New OS players are emerging, and software powers such as Microsoft, IBM and Oracle are making serious accommodations to the growing threat.

Electronic Tools Company Receives Synopsys Sixth Annual Tenzing Norgay Interoperability Achievement Award

EDA Company Honored for Key Contributions to Open Source Parser for Liberty(TM) Library Format

Synopsys, Inc. (Nasdaq: SNPS), a world leader in semiconductor design software, announced that Electronic Tools Company (also known as E-Tools), a leader in EDA (Electronic Design Automation) data interchange tools and services, has received Synopsys' sixth annual Tenzing Norgay Interoperability Achievement Award for its key contributions to the parser for the open source Liberty(TM) library format. The Liberty parser developed by Electronic Tools Company is currently in use by over 50 EDA companies and 100 end-user companies.
Liberty, the de facto standard in the EDA industry, was amongst the first to use an open source model for standardization.

From Back Bedroom to Country Mansion

The latest, and perhaps most ambitious plan, is to take on Adobe and Microsoft in an attempt to create a new industry standard in the graphics and publishing tool market. Xara Xtreme is evolving from a relatively niche graphics product for Windows only, into a general purpose graphics and publishing tool for Mac and Linux. Xara has recently open-sourced their product as part of this plan to establish it as an industry standard on Linux. This is territory neither Microsoft nor Adobe dare to tread.

[A rarity: a fascinating press release, with historical context! -- grouch]

Managing your net for next to nothing

Savvy network managers have long known the best way to quickly address some pesky network problems is to scour Internet sites such as and for freeware applications.

[Freeware? -- grouch]

Chinese Growth Hurdles toward a New Great Wall

When someone mentions “open source” thoughts inevitably go to software like Linux. While products like Linux get the press thousands of hackers have quietly been building quite a respectable open source hardware presence. One such team of hackers are busily producing an ultra cheap, open source 3D prototyping machine.

[It's long, but interesting. -- grouch]

Industry, Academia, Medicine And Government Leaders Team Up To Tackle Personal Health Records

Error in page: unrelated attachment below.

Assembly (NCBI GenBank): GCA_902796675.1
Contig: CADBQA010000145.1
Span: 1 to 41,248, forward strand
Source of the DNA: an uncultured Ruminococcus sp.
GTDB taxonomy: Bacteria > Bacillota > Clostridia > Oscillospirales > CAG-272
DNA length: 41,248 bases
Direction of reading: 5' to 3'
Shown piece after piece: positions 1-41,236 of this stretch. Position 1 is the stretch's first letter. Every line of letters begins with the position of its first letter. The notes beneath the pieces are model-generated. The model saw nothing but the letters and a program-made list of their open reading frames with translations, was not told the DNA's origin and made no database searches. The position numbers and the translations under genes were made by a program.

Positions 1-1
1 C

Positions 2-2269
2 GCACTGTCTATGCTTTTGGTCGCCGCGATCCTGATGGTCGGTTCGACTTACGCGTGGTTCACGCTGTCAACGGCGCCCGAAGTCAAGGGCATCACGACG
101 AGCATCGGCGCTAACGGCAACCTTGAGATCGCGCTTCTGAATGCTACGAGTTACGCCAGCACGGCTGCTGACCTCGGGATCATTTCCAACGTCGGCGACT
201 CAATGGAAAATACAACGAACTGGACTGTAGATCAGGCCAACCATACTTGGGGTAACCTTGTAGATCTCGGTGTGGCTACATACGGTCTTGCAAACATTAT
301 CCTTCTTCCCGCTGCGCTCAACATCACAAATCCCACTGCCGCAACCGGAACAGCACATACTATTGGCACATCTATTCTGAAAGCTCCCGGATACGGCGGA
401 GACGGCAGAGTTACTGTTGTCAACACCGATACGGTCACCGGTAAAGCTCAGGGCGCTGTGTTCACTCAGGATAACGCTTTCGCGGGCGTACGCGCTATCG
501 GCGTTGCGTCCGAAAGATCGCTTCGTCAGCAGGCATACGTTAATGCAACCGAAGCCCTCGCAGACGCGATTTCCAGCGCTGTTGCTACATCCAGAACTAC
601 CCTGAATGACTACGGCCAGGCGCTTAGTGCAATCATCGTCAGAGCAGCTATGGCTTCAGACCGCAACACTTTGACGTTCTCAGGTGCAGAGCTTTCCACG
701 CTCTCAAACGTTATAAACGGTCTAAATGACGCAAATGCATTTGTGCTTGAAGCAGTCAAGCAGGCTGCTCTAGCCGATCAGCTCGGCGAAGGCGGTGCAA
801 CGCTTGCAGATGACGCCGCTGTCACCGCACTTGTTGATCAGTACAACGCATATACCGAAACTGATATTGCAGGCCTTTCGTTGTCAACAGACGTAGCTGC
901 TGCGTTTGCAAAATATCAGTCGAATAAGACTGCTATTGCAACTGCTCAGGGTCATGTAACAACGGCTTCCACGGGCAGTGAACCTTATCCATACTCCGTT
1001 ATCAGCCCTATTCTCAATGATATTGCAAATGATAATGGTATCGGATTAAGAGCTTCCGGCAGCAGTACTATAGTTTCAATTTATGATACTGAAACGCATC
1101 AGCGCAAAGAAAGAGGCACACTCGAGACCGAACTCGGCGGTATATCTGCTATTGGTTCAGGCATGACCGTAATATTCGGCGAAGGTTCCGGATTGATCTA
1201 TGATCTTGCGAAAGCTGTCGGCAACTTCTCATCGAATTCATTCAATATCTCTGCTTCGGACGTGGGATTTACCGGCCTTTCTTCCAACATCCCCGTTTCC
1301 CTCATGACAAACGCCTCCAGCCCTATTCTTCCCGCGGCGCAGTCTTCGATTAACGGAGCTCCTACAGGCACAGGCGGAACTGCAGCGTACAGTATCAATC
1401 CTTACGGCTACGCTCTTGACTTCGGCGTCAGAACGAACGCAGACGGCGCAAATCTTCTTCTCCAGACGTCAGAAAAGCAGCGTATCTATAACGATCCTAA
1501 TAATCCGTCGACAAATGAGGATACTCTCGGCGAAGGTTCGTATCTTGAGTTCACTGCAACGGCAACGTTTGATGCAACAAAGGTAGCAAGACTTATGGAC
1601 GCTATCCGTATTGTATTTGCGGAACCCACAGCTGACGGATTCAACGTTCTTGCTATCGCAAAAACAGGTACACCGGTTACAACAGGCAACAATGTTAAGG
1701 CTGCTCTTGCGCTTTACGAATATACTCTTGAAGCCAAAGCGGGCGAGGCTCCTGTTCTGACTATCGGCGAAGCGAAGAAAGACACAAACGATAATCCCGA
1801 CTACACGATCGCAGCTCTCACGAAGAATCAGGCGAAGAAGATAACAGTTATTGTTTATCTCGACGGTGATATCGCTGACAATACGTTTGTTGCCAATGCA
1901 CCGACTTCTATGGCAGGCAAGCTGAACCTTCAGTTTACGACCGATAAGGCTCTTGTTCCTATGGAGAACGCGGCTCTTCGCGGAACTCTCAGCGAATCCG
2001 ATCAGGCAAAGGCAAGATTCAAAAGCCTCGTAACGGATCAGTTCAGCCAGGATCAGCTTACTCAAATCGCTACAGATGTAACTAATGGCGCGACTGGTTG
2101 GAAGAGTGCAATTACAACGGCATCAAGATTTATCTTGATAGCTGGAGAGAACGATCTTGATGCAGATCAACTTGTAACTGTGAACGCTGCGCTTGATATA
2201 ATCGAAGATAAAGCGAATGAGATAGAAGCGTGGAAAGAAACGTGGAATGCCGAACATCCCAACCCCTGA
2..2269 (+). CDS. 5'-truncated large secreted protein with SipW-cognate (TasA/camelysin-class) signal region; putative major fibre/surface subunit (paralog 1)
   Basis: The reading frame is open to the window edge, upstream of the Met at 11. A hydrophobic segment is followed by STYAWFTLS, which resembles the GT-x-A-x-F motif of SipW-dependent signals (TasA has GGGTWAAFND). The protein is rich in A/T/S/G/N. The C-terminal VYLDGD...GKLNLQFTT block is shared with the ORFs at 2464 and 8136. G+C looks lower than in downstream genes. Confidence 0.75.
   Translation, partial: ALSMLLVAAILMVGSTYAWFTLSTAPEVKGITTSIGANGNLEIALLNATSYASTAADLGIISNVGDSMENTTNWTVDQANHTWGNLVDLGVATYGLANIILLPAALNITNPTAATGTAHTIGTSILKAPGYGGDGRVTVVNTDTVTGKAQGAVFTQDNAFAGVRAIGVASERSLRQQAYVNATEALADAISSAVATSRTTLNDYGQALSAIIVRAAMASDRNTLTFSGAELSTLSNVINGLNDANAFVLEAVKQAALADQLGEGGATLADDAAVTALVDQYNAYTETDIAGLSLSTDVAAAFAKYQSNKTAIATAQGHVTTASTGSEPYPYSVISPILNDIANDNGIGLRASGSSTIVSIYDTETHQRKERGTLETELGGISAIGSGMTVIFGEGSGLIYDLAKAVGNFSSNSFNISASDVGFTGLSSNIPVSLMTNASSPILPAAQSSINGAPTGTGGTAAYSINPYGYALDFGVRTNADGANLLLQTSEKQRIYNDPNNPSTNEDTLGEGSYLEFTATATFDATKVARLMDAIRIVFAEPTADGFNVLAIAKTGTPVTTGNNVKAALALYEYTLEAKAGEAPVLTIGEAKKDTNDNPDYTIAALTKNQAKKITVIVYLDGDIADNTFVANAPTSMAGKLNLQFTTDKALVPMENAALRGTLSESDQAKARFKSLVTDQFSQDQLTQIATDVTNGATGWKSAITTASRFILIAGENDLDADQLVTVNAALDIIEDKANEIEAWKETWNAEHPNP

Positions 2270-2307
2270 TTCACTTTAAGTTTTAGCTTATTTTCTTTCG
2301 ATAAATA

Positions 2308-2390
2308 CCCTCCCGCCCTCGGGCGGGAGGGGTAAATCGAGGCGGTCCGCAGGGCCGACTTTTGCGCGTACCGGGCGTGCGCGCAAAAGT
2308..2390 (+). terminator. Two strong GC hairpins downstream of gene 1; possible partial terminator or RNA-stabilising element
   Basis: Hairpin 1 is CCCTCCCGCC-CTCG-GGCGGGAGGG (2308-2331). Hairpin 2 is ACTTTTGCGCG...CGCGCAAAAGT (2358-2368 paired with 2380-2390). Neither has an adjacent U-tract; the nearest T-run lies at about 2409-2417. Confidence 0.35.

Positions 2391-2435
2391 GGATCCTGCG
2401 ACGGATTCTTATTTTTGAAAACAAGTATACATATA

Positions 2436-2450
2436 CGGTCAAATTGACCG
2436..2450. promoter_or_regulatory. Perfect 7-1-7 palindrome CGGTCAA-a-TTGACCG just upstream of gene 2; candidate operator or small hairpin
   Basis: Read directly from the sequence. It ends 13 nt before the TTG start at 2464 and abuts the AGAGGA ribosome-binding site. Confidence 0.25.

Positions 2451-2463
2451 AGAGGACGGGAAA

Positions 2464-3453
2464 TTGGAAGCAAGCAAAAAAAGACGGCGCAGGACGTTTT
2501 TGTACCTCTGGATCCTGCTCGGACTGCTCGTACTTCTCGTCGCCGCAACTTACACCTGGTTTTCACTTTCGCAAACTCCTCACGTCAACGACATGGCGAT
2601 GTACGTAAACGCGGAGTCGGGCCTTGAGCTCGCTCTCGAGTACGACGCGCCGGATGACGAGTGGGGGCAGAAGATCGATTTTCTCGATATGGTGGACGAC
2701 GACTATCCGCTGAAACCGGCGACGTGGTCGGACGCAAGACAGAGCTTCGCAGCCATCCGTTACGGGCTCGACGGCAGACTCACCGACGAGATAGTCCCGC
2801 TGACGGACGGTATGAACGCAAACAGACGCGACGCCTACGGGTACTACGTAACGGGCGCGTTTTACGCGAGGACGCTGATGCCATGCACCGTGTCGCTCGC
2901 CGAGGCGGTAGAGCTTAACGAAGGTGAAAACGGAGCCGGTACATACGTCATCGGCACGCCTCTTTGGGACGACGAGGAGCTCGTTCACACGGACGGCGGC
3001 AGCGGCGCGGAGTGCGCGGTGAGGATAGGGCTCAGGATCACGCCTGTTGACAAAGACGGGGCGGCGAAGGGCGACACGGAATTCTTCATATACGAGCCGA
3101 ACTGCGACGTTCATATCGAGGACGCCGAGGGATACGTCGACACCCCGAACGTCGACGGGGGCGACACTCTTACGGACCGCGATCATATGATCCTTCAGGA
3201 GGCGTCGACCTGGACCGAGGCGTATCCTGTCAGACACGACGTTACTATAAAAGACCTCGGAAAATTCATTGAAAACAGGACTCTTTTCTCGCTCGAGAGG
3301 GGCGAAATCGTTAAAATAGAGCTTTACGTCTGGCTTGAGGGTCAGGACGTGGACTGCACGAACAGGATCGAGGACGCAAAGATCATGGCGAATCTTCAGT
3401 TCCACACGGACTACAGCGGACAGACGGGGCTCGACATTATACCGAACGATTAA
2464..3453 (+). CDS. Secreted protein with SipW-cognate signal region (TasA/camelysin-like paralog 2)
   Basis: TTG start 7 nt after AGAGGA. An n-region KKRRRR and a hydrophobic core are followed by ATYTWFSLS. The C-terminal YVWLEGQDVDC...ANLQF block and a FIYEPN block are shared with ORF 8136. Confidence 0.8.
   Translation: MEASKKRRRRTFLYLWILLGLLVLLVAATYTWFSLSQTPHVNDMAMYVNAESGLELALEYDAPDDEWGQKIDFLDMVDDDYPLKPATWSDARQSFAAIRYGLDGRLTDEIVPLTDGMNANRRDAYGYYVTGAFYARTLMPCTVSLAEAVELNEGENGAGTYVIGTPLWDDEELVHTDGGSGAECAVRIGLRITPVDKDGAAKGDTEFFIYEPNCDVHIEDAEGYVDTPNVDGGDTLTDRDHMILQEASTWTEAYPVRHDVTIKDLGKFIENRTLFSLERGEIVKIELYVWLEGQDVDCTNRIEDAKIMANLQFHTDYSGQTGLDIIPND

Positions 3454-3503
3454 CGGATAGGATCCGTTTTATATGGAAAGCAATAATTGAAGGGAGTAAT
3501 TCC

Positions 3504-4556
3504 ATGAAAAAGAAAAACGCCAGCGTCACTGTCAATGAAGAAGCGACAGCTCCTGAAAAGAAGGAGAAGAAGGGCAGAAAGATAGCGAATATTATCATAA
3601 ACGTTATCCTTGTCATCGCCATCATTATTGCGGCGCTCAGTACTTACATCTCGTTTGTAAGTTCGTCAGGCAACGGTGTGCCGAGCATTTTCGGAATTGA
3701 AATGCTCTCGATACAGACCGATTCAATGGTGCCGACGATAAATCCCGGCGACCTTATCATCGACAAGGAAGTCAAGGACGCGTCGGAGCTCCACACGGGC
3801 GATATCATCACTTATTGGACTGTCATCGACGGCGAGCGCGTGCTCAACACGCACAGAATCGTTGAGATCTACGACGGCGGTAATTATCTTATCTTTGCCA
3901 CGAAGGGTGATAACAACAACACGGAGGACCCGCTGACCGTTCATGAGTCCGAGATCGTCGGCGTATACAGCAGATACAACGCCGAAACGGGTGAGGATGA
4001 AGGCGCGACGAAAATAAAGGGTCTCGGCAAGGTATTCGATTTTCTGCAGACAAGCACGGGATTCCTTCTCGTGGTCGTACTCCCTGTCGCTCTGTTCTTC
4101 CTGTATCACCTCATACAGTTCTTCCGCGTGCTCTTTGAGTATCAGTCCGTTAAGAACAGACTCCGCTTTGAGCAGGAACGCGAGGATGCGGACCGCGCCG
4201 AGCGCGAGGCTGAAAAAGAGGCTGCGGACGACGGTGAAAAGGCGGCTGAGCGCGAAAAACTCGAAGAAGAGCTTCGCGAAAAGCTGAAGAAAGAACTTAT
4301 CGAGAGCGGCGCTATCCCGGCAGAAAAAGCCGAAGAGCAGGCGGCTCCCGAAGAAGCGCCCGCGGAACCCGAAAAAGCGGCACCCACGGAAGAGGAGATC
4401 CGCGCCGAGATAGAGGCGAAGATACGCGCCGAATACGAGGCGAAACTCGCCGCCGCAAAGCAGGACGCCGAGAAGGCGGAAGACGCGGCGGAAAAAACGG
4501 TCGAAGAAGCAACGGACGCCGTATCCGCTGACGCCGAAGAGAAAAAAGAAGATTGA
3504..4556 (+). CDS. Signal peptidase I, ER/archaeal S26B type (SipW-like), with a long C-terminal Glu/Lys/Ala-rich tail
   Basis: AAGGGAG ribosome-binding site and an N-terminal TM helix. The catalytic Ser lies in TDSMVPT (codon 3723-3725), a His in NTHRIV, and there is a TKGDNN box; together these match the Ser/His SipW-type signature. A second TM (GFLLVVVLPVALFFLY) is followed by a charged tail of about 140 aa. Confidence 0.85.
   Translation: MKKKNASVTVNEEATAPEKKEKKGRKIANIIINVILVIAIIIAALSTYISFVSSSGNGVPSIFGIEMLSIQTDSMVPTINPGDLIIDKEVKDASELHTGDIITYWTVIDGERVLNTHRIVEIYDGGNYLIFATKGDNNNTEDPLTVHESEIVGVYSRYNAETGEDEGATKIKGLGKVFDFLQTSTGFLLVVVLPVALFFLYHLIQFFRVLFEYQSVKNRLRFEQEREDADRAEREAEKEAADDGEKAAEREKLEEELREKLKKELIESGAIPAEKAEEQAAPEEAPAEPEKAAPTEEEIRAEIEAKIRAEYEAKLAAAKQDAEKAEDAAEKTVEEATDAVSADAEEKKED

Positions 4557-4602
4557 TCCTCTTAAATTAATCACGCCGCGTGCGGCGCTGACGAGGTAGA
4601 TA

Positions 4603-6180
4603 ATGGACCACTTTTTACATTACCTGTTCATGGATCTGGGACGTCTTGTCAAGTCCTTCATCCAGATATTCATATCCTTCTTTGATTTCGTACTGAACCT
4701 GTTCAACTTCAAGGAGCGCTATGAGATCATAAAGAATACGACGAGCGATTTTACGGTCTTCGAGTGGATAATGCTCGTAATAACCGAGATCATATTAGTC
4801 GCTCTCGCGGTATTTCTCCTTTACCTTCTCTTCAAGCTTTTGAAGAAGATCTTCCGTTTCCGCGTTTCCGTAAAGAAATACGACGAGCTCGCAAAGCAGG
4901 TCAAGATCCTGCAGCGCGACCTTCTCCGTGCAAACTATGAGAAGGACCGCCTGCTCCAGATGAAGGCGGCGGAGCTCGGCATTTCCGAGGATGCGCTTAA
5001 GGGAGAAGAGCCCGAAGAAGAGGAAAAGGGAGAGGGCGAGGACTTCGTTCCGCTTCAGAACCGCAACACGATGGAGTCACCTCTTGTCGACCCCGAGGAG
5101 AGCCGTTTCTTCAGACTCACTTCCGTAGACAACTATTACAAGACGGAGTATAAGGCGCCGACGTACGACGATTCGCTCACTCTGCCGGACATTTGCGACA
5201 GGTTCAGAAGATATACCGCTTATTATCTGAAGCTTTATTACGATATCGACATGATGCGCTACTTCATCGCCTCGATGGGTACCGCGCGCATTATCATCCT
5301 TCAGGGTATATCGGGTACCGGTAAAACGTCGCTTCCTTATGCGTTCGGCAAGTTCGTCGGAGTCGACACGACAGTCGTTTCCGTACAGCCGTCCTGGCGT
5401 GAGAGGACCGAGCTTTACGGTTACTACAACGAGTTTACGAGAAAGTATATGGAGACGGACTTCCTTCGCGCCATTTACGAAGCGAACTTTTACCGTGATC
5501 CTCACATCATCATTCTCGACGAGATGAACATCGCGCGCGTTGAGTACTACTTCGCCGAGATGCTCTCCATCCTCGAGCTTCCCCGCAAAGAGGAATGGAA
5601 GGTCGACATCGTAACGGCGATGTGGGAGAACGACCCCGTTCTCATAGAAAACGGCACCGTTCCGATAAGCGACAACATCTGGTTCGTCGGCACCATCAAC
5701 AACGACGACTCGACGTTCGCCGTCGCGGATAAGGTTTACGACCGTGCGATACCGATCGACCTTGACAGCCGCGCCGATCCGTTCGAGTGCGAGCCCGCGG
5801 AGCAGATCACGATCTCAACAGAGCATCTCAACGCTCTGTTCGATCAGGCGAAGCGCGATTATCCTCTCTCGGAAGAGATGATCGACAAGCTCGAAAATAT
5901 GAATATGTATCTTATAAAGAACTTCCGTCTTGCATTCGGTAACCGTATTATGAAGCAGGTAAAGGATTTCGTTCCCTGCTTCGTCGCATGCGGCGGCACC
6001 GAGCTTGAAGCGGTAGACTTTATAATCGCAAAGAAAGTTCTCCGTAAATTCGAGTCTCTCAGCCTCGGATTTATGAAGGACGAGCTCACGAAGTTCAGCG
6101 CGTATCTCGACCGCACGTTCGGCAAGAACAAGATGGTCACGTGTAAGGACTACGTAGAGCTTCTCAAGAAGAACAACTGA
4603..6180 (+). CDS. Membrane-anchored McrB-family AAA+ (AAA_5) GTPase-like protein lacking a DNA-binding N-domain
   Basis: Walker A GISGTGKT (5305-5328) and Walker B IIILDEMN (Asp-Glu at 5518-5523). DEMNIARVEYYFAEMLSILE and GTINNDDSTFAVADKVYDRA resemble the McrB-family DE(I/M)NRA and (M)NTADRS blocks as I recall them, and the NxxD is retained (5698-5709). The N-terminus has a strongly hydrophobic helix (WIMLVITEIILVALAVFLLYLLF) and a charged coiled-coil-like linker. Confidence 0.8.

To tackle the privacy, business, societal, and technical issues surrounding personal health records - an integral part of the national debate on healthcare reform - 100 key leaders from industry, academia, medicine and government will team up October 10-11 for the first meeting on Personally Controlled Health Records Infrastructure (PCHRI 2006), hosted by the Harvard Medical School (HMS) Center for Biomedical Informatics.

SynSeer and IBM integrate MirrorMed and OHF

Over the past few weeksSynSeer (the sponsoring company forMirrorMed) has been going back and forth with IBM regarding the newEclipse OHF project. This work started with the release theOHF bridge and has culminated in the integration of MirrorMed and Eclipse OHF.

Wind River touts multi-core Linux

Wind River says it supports Linux on a dual-core Freescale communications processor capable of SMP or AMP operation (symmetric or asymmetric multiprocessing). The company's Linux implementation for the MPC8641D is available with hardware and software tools, run-time environments, and middleware, including message-passing middleware based on TIPC (transparent interprocess communications), the company says.

Review: Napster And Rhapsody For OS X And Linux? Sort Of

With the launch of new Web-based services from two major online music subscription providers, Mac and Linux users can finally get in on the all-you-can-download action. But are these services any good?

Ubuntu's "No Open Ports!" policy questioned by Avahi developer

Lennart Poettering, developer of Avahi, discusses Ubuntu's "No Open Ports!" policy in his blog syndicated on Planet GNOME. That policy is supposed to create a more secure workstation after a default installation, but at the same time makes its usability and comfort for users go down considerably. Lennart questions the validity of the reasons behind that decision as far is Zeroconf/Avahi is concerned. Another blog, this time on takes up that policy in relation to the crippling of CUPS's convenience features on a default Ubuntu installation and puts it into the nutshell "you can't use your system for printing, but at least it is super-secure".